The impact survey shows very positive findings with 80% saying that the materials are 'of great help' and only 2% responding that they are 'of limited help'. In many cases, this was candidates' first engagement with leadership and management ideas, so they could not adopt a comparative perspective. The case study candidates offered diverse views on the materials. Some were positive, saying that they are 'fantastic', while other candidates offered a range of criticisms. The most common view was that the materials were too long or too 'bulky'.
Most lecturers were content with the modules, saying that they are valuable because they are practice-based, and KZN staff, in particular, praised the materials. However, the HEIs have chosen to use them in different ways. Some supplement these modules with their own resources and others make only limited use of the national programme, preferring to use it for reference, while leading with their own materials. The varied use of the materials raises questions about the extent to which the ACE can be regarded as a genuinely national programme. This is a substantial weakness as a measure of standardisation is essential if the course is to become an entry-level requirement for new principals.
Five universities were responsible for delivering the ACE course with the first pilot cohort (one worked with two provinces). Researchers observed between one and three contact sessions in each HEI. The universities offered diverse models of delivery:
Block teaching over several days.
Friday afternoon/evening sessions.
The delivery model does not appear to produce different levels of satisfaction from candidates. More significant is the size of the learner group, which ranges from 25 to 200. Despite the aspirations of most lecturers, interaction is very limited in the larger groups, thus working against the philosophy of the programme. In practice, these sessions usually comprised content delivery rather than interactive learning. Some participants complained that their experience was not being taken into account in planning contact sessions.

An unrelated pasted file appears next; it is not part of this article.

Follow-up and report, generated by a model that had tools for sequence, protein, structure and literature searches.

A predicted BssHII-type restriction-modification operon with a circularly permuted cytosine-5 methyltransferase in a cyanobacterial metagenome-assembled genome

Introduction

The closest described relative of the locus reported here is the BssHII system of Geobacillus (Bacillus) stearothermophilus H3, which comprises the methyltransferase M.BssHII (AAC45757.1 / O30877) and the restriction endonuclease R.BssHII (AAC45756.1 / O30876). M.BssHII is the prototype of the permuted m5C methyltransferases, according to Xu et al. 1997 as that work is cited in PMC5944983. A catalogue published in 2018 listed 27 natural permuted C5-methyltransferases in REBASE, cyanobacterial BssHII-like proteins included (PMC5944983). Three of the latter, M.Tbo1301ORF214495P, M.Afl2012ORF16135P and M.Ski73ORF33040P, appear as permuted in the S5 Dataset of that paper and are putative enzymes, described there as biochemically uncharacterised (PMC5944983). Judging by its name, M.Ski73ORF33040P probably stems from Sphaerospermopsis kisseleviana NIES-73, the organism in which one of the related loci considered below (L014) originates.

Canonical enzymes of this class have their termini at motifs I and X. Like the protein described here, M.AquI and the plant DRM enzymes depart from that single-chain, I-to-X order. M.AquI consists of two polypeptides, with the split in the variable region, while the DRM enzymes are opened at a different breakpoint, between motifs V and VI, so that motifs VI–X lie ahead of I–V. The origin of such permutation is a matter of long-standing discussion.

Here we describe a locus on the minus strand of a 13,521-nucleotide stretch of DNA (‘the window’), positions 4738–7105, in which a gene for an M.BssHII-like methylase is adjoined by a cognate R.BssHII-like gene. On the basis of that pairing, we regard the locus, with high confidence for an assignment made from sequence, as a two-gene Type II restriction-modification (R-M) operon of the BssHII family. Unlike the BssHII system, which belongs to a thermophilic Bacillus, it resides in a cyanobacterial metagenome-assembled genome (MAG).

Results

Most universities deal with the problem of scale by also providing smaller group facilitation activity. These sometimes lead to successful, interactive sessions, as observed in KZN, Gauteng and Western Cape. However, they may simply be used for administrative purposes, as observed with one Mpumalanga group, or result in 'no proper group work', as in the Eastern Cape. In the small group sessions, as well as in the main contact sessions, the settings sometimes inhibited interactive learning.
The teaching materials and the contact sessions may be regarded as the 'content' of the ACE course. However, it is important to find an appropriate balance between course content and the processes required to link knowledge acquisition to school-based leadership and management practice (Bush, 2008). Mentoring, networking and site-based assessment are the processes included in the ACE programme. The next sections consider the extent to which these modes of delivery achieved their objectives.
Mentoring is a distinctive and central feature of the ACE programme, designed to facilitate the transfer of learning to candidates' and school practice. Effective mentoring provides strong potential for deep learning. There is substantial international evidence supporting the efficacy of mentoring and coaching for leadership development. Pocklington and Weindling (1996: 189), for example, argue that "mentoring offers a way of speeding up the process of transition to headship".
The literature suggests that the effectiveness of mentoring for adult learners depends on the following features:
Thorough training of mentors.
Careful matching of the partners.
Allocating sufficient time to the process.
Adopting a peer stance rather than an apprenticeship model.
Avoiding a prescriptive approach. (Bush et al., 2007b).
Selection of mentors
The matching process between mentor and mentee is critical to its effectiveness. This also links to the selection procedure. Some universities employ people who have worked with the HEI on other similar programmes. These are often retired principals, whose professional experience is seen as directly relevant to their role. In Gauteng, the mentors are principals but are also graduates of the MGSLG ACE programme, which began before its national equivalent.